New Jersey Leads the Pack in Anti-Bullying Legislation

Bullying

Image Source: BeatBullying.org

New Jersey is refusing to let bullying become a larger issue within its school boards and the state is getting involved to make sure that students feel safe from harassment. A new bill has recently been passed in New Jersey, and has been named after Tyler Clementi, the 18-year-old Rutgers University student who committed suicide after being harassed online when an intimate video was secretly taken by his roommate and posted on the Internet.

The “Tyler Clementi Higher Education Anti-Harassment Act” was introduced by Senator Frank Lautenberg and U.S. Representative, Rush Holt. The new legislation would require all post-secondary schools to implement anti-harassment policies and will receive federal funding to establish anti-bullying programs. The bill also requires these schools to recognize cyber bullying as a form of harassment.

“While there is no way to eliminate the cruelty that some students choose to inflict on their peers, there should be a clear code of conduct that prohibits harassment,” said Senator Lautenberg in a recent statement.

In addition to the Anti-Harassment Act, New Jersey is also working on an “Anti-Bullying Bill of Rights.” The bill, which has actually been in works for a year, would require all public school employees to receive special training in cyber bullying. The bill would also require schools to implement harsher consequences for bullies, including suspension and expulsion.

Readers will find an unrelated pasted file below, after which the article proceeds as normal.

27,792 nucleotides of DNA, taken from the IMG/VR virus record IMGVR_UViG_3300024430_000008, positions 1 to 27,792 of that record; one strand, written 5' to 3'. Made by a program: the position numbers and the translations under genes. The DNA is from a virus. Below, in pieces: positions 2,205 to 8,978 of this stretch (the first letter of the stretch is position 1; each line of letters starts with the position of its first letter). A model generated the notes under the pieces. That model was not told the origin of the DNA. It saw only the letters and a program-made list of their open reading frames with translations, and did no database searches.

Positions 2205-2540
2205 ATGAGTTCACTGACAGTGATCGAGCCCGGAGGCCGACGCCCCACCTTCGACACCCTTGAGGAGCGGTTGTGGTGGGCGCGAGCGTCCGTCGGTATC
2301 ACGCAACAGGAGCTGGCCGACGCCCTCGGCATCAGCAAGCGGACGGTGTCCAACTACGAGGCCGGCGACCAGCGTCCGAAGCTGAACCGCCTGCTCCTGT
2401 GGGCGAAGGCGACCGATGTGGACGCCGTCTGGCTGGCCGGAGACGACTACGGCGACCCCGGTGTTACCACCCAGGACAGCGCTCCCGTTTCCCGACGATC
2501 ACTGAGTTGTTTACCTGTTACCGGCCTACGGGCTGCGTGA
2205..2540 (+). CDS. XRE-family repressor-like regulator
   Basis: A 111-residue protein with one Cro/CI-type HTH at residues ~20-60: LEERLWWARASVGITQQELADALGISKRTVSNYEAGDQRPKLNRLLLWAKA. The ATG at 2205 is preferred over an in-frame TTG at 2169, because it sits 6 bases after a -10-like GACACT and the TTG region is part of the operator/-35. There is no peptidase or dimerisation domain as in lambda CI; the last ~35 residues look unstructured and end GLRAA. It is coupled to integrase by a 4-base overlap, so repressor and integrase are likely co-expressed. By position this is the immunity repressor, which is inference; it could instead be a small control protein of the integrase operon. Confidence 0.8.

While most are applauding New Jersey for their initiative on the bullying issue, not everyone is convinced. Daniel Luzer, a writer for the Huffington Post, pointed out a few holes in the Anti-Harassment Act. The bill, he says “appears to closely mirror the existing policies in place at Rutgers, policies that didn’t help Clementi.”

In fact, Rutgers has their own, very strict policies about harassment, including prohibiting students from “making or attempting to make an audio or video recording of any person(s) on University premises in bathrooms, showers, bedrooms, or other premises where there is an expectation of privacy with respect to nudity or and/or sexual activity.”

It seems to me that Rutgers does a great job at creating these policies, but doesn’t do much to actually implement them. Hopefully now that the state is enforcing legislation, Rutgers administration might make more of an effort to put them into use.

Sources:

Switched
Examiner
Huffington Post